The medical community is never short on opinions on how to manage chronic pain. Common recommendations range from the use of anti-inflammatories such as NSAIDs, to stretches, exercises, even meditation. One effective fix that isn’t usually mentioned: weight loss. Now a new study has appeared which suggests the effects can be profound:
The study included 20 obese patients who had weight-loss surgery and 40 patients who had total knee replacement due to arthritis.
One year after their procedure, the patients who had weight-loss surgery reported significant improvements in knee pain. Their results were comparable to the patients who had a knee replacement, according to the study, which was presented Friday at the annual meeting of the American Academy of Orthopaedic Surgeons, in New Orleans.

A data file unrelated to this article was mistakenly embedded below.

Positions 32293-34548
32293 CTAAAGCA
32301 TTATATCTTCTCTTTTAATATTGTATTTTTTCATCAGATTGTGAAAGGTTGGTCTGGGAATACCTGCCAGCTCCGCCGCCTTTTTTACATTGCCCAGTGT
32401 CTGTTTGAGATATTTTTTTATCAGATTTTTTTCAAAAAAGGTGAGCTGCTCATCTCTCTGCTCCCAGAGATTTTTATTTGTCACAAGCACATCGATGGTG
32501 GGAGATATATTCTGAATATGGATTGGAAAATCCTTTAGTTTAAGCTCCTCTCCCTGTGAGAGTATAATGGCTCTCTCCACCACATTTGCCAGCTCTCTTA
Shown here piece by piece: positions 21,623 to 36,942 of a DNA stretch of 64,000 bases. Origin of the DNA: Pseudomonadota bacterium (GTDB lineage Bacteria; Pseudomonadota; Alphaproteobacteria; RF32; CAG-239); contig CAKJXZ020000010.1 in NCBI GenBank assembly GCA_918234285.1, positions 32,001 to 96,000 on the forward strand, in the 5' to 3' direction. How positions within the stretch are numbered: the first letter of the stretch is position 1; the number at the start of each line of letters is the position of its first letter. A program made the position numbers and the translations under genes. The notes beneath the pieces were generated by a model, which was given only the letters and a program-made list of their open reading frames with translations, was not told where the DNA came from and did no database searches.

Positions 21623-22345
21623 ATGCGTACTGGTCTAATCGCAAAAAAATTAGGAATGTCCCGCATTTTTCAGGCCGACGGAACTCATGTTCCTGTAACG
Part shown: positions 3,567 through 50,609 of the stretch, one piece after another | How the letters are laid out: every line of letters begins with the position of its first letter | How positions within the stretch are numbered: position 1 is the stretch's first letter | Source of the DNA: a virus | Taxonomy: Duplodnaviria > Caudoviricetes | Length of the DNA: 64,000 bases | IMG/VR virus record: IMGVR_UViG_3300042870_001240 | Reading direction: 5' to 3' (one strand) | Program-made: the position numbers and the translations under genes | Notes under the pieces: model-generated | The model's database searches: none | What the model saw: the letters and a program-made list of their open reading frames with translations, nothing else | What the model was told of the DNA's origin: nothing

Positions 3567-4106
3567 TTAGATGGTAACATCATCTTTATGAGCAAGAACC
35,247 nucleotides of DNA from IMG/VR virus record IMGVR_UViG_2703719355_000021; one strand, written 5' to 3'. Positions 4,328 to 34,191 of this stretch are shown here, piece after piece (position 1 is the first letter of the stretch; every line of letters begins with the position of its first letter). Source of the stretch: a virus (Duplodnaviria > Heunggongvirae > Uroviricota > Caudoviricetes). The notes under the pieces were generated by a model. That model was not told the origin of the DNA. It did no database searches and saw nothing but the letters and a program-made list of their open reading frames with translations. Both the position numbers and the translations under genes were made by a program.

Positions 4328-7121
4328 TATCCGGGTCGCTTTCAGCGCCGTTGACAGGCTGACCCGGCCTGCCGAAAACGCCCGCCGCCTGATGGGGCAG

It is yet another reminder that our knees are complex mechanical systems, and that ensuring their safe operation has as much to do with reducing loads as reducing stress. The collateral health benefits of weight loss only shore up the case, of course, and lend credence to a holistic view of sports medicine that incorporates the entire body as a single system.
Furthermore, there is growing scientific evidence that injections of PRP (platelet rich plasma) and/or stem cells into the arthritic knee provide significant pain improvement. In fact more and more evidence seems to indicate that PRP is more effective in reducing knee pain than the highly touted hyaluronic acid (HA) injections, such as Synvisc, Hyalgan, Orthovisc, and Suppartz.